The historical roots of the Canadian monarchy date back to approximately the turn of the 16th century,[n 1] when European kingdoms made the first claims to what is now Canadian territory. Monarchical governance thenceforth evolved under a continuous succession of French and British sovereigns, and eventually the legally distinct Canadian monarchy, which is sometimes colloquially referred to as the Maple Crown.[n 2]
The person who is the Canadian sovereign is equally shared with 15 other monarchies (a grouping, including Canada, known informally as the Commonwealth realms) in the 54-member Commonwealth of Nations, with the monarch residing predominantly in the oldest and most populous realm, the United Kingdom, and viceroys acting as the sovereign's representatives in Canada. The emergence of this arrangement paralleled the fruition of Canadian nationalism following the end of the First World War and culminated in the passage of the Statute of Westminster in 1931. Since then, the pan-national Crown has had both a shared and separate character and the sovereign's role as monarch of Canada has been distinct to his or her position as monarch of any other realm,[n 3] including the United Kingdom.[n 4] Only Canadian federal ministers of the Crown may advise the sovereign on all matters of the Canadian state,[n 5] of which the sovereign, when not in Canada, is kept abreast by weekly communications with the federal viceroy. The monarchy thus ceased to be an exclusively British institution and in Canada became a Canadian, or "domesticated", establishment, though it is still often denoted as "British" in both legal and common language, for reasons historical, political, and of convenience.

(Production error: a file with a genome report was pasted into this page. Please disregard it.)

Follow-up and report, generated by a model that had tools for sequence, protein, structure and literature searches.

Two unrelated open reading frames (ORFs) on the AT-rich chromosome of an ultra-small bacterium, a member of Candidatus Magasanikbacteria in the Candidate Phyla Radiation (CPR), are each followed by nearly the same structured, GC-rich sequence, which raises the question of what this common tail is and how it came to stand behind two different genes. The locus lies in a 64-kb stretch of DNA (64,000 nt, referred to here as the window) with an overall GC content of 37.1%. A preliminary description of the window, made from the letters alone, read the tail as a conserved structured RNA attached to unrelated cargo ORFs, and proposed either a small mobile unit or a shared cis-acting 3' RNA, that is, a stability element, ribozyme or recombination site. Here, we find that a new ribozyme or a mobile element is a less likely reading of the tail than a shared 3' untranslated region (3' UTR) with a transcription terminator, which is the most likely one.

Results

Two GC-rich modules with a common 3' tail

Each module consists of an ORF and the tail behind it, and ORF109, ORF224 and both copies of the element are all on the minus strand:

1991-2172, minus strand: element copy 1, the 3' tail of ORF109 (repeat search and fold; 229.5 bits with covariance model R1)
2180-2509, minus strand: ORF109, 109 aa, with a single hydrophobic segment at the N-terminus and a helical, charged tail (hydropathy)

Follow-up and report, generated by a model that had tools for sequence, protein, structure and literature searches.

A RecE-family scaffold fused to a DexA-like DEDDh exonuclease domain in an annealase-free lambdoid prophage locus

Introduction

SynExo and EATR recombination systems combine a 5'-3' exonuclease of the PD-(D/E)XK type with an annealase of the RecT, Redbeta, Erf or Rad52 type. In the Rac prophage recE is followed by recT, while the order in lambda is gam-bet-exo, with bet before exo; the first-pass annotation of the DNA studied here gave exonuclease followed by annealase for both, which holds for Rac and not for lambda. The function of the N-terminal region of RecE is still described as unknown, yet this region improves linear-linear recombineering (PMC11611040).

The sovereign similarly only draws from Canadian coffers for support in the performance of her duties when in Canada or acting as Queen of Canada abroad; Canadians do not pay any money to the Queen or any other member of the Royal Family, either towards personal income or to support royal residences outside of Canada. Normally, tax dollars pay only for the costs associated with the governor general and ten lieutenant governors as instruments of the Queen's authority, including travel, security, residences, offices, ceremonies, and the like. In the absence of official reports on the full cost of the monarchy, the Monarchist League of Canada regularly issues a survey based on various federal and provincial budgets, expenditures, and estimates; the 2013 edition found that the institution cost roughly $57 million in 2012; $1.63 per Canadian.
Though Canada's adoption of the Statute of Westminster means these constitutional laws as they apply to Canada lie within the full control of the Canadian parliament, it also means Canada agreed not to change its rules of succession without the unanimous consent of, and a parallel change of succession in, the other realms, unless explicitly leaving the shared monarchy relationship; a situation that applies symmetrically in all the other realms and has been likened to a treaty amongst these countries. Thus, Canada's line of succession remains identical to that of the United Kingdom. However, there is no provision in Canadian law requiring that the king or queen of Canada must be the same person as the king or queen of the United Kingdom; if the UK were to breach the convention set out in the preamble to the Statute of Westminster and unilaterally change the line of succession to the British throne, the alteration would have no effect on the reigning sovereign of Canada or his or her heirs and successors. As such, the rules for succession are not fixed, but may be changed by a constitutional amendment. Along with the other Commonwealth realms, Canada in 2011 committed to the Perth Agreement, which proposed changes to the laws governing succession, including altering the primogeniture to absolute cognatic.